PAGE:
But with the Parks and Wildlife Commission’s monetary offers and the impending eminent domain vote, Todd stepped into the public spotlight, sitting for interviews with news outlets, including the Star-Telegram.

Todd has excoriated the state generally, and Aplin specifically, for failing to purchase the property before it was under contract with another buyer.

He’s also lambasted the state’s efforts to halt his deal on the property. He recently labeled the state’s moves as “efforts of sabotage” and, in an interview, he referred to the state’s “Gestapo-like tactics.”

Todd has also repeatedly called the state’s handling of the situation “disgusting” and has said that state officials, including Aplin, need to take responsibility for fumbling on a prized state park.

He has also warned that the use of eminent domain could be precedent-setting in some way. At Saturday’s meeting, though, Aplin underscored that he saw the Fairfield eminent domain vote as a one-off. He added that, in the event that the commission approved the seizing of the Fairfield property, he had asked Parks and Wildlife staff to draft a policy that limits the department’s use of eminent domain to “extraordindary and unusual situations like Fairfield.”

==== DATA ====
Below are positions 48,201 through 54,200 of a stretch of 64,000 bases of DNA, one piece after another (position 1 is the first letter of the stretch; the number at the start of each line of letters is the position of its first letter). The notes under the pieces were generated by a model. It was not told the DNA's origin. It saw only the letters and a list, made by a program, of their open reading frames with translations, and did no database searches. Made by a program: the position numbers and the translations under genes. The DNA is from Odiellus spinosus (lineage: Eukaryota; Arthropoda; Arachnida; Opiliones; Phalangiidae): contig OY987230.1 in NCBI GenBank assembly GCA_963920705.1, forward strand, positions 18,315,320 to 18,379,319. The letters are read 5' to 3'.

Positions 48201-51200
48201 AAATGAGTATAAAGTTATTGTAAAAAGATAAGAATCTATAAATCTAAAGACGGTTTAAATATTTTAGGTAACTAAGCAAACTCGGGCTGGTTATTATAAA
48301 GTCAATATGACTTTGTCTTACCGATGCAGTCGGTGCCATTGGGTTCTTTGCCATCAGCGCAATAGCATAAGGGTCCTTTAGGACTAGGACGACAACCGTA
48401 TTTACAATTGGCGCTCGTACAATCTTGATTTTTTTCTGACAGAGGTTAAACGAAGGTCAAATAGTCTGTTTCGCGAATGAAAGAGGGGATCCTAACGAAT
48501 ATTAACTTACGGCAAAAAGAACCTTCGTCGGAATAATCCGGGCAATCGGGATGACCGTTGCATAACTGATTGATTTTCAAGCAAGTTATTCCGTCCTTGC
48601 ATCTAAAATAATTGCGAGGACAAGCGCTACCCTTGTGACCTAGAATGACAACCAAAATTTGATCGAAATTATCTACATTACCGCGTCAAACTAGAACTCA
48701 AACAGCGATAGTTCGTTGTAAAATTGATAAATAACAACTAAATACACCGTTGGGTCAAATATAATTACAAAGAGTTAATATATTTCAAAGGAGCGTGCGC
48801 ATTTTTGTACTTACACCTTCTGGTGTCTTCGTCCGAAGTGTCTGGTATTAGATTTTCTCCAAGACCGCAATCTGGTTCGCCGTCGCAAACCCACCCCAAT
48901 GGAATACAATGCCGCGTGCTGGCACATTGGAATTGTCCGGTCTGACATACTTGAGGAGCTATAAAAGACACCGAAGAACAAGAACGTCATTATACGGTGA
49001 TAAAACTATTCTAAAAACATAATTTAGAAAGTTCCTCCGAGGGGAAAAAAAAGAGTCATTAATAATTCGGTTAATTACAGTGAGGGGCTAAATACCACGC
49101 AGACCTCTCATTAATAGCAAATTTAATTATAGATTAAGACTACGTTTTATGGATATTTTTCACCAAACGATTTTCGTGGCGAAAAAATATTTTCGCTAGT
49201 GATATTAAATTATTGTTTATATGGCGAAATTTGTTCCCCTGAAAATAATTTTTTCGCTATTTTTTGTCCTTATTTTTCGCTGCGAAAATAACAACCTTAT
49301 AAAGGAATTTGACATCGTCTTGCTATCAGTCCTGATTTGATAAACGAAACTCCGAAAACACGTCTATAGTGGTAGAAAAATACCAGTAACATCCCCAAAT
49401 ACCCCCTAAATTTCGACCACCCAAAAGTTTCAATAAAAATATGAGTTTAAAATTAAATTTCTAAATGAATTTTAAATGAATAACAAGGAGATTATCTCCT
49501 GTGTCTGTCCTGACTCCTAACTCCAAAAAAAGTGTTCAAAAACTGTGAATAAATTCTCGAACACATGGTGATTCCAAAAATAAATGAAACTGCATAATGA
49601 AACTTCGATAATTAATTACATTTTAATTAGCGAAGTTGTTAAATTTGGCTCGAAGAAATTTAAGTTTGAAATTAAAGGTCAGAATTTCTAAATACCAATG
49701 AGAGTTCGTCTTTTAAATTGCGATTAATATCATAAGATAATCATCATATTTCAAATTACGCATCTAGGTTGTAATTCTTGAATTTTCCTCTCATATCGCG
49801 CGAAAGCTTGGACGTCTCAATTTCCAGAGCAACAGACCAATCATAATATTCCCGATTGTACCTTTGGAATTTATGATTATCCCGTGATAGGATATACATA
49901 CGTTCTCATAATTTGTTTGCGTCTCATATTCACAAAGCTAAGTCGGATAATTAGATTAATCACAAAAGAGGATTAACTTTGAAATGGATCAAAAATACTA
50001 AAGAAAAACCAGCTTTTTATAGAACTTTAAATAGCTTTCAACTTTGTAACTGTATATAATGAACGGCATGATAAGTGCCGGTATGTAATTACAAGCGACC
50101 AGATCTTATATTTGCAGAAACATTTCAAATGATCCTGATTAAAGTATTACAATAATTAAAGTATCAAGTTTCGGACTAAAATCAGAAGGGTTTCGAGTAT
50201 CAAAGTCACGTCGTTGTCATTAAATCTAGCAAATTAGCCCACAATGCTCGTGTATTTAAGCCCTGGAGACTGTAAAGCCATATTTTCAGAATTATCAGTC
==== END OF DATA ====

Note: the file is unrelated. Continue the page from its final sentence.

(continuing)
“I view this situation with Farifield as a one-time event,” Aplin said.

But, while the Parks and Wildlife Commission’s vote signals a path forward for those who want to keep the park public, there’s likely a long road still ahead. With millions of dollars already spent, and hundreds of millions more on the line, Todd has made clear that he won’t give up the property without a fight.

“The state has laws on the books as to how condemnation processes and I don’t think Parks and Wildlife fully understands that,” Todd said. “But we fully do.”

Several Parks and Wildlife commissioners on Saturday responded to Todd’s public comments that his firm intended to move forward with its development in the coming weeks and months. They asked Todd Interests to hold off on demolishing any property on the site, at least until the legal case has been settled and the ownership of the property formally decided.